Written by Brian Wood, artwork by Mack Chater — We don’t often review graphic novels here on Crime Fiction Lover. Too many of them involve super powers and elements that take the plot well beyond the realm of our genre. But it’s something we’d like to do more often so tell us what you think. When it comes to crime graphic novels, the team of Brubaker and Philips have set the bar high with books like Scene of the Crime. Briggs Land by Wood and Chater, however, is up there in terms of quality.
Grace Briggs is visiting her husband, Jim Briggs, in upstate New York at the Graymarch Federal Prison. Jim is serving a 20-year sentence for an attempted assassination. Grace Briggs, his wife of 34 years, has come to say she is cutting him out and will run Briggs Land herself.
The land she is taking over has been held since the time of the Civil War as a simple and safe place for people looking to escape the unrest of American society. In 1980 it was re-established as Briggs Land, a commune for folks looking to live off the grid. Time has disintegrated the once ideal community and now it’s a hotbed for extremism, white supremacists, and domestic terrorism. Grace Briggs, now in her 50s, is attempting to take over and restore the commune back to its ideals.
This is hillbilly noir that uses a gripping family drama to cut into the infected marrow of contemporary American society. Brian Wood has worked on everything from the computer games Grand Theft Auto and Max Payne through to his creator-owned book Northlander as well as the X-Men, Wolverine and even Conan. Mack Chater too comes from the world of video games, with titles like The Fuse and Star Trek: Waypoint Run on his CV. Together these creatives tackle the themes of civil unrest, restoration of order, societal structures and belonging through a story that is strong, bleak and beautiful. This is matched in the artwork.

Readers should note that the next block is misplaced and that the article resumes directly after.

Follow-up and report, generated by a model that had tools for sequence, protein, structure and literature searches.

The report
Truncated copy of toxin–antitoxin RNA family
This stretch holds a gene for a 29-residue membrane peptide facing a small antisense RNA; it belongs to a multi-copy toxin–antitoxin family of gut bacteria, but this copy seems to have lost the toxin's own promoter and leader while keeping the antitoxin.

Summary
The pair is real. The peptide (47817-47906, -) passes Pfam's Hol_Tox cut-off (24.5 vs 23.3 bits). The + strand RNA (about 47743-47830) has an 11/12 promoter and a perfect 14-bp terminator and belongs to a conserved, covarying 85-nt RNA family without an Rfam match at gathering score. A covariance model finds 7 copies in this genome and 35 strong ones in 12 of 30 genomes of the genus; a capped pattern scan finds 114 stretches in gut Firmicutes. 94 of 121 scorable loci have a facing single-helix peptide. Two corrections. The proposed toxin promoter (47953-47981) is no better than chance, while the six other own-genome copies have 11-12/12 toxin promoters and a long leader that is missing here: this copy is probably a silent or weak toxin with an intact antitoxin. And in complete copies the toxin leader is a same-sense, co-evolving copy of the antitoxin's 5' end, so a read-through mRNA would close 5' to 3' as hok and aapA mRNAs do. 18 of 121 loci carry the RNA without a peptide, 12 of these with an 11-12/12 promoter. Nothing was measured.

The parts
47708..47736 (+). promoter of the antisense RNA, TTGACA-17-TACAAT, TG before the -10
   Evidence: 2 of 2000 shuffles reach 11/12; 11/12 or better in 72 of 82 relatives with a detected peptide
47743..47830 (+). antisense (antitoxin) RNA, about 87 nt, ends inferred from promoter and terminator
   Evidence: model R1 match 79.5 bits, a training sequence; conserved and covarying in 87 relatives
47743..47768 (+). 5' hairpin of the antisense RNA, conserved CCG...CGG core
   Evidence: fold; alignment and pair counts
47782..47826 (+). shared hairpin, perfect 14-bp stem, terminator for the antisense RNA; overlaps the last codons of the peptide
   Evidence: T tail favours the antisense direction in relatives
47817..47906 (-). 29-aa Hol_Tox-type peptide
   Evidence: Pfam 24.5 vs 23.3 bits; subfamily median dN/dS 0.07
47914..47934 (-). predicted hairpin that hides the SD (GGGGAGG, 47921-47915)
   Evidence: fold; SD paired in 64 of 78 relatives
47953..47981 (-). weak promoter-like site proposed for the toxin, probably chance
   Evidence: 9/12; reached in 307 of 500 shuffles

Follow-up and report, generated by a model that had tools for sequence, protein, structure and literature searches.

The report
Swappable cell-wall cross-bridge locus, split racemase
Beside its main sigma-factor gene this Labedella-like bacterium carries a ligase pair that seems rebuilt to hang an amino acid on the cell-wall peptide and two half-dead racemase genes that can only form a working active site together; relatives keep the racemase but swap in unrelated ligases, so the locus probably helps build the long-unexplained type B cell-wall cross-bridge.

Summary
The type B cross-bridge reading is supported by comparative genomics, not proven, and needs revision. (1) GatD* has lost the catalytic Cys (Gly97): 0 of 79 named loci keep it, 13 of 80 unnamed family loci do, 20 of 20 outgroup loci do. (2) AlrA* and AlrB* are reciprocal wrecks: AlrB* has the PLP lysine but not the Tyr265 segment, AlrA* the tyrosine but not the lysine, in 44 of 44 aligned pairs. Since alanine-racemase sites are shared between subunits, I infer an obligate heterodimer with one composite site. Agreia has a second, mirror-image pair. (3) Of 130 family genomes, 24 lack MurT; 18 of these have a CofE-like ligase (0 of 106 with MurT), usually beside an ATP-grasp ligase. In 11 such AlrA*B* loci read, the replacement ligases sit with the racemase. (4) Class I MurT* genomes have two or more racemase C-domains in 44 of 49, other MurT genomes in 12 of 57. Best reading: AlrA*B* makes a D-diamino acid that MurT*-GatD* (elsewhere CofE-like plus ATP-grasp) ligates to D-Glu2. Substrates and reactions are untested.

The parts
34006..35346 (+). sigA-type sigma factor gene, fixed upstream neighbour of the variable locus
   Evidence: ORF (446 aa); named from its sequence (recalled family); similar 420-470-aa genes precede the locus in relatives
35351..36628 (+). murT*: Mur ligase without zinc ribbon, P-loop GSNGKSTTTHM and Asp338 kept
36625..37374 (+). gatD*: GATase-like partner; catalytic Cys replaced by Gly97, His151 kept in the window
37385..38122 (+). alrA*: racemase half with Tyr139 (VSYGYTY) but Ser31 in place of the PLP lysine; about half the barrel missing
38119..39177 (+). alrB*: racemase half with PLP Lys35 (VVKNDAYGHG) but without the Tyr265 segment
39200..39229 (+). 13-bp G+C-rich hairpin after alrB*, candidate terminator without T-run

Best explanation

But the biggest theme in Briggs Land is legacy and what it means. The book does not reach a resolution, so you’ll have to watch out for the second volume, Days of Rage, with the next run of the comic starting in June 2017.
The change in the community’s leadership sets off a chain of troubling events. A giant rift emerges from the chaos and the family along with the community staggers beneath the weight of change. But Grace works to staunch the bleeding and shows she is willing to fight to the death to right the current and past wrongs associated with Briggs Land.
At the same time, the FBI is on the case. They are looking to find out about any and all misdeeds on Briggs Land in order to shut down the compound and arrest those involved. The case is personal for the lead Agent Daniel, whose father launched the original case against Jim Briggs years ago. Daniel is motivated to close the case in the name of legacy, a sentiment that motivates many in the book.
Wood and Chater strike a fine balance between showing and telling. Flashbacks are used to effectively convey backstory and show how past occurrences factor into Grace’s current actions. We get a strong sense of how and why she is working to make things right. The book is surprisingly touching because this comes in the midst of the all the violence and grit. The art carries over a lot of the gritty video game aesthetic Wood and Chater honed in that world. The images are realistic, though heavy lines are set against the colours reminding us of Pop Art. Shades of gray and brown mix with the occasional pop of orange and yellow coming from the muzzle of a weapon.
The work is notably restrained and washed out. Colourists Lee Loughridge and Jeremy Colwell use muted washes over each page giving the book a rusted out vibe that mirrors the down and outness of upstate New York. The highlights of the work are the wordless pages showing Grace Briggs by herself tending to the land she’s spent much of her life on.
Briggs Land is a powerful book looking at a women’s role in mending the loose board in the fence of a broken society. A great read with excellent imagery.
Click here to see some of the best crime graphic novels of all time. See below for some Briggs Land internal artwork.
CFL Rating: 5 Stars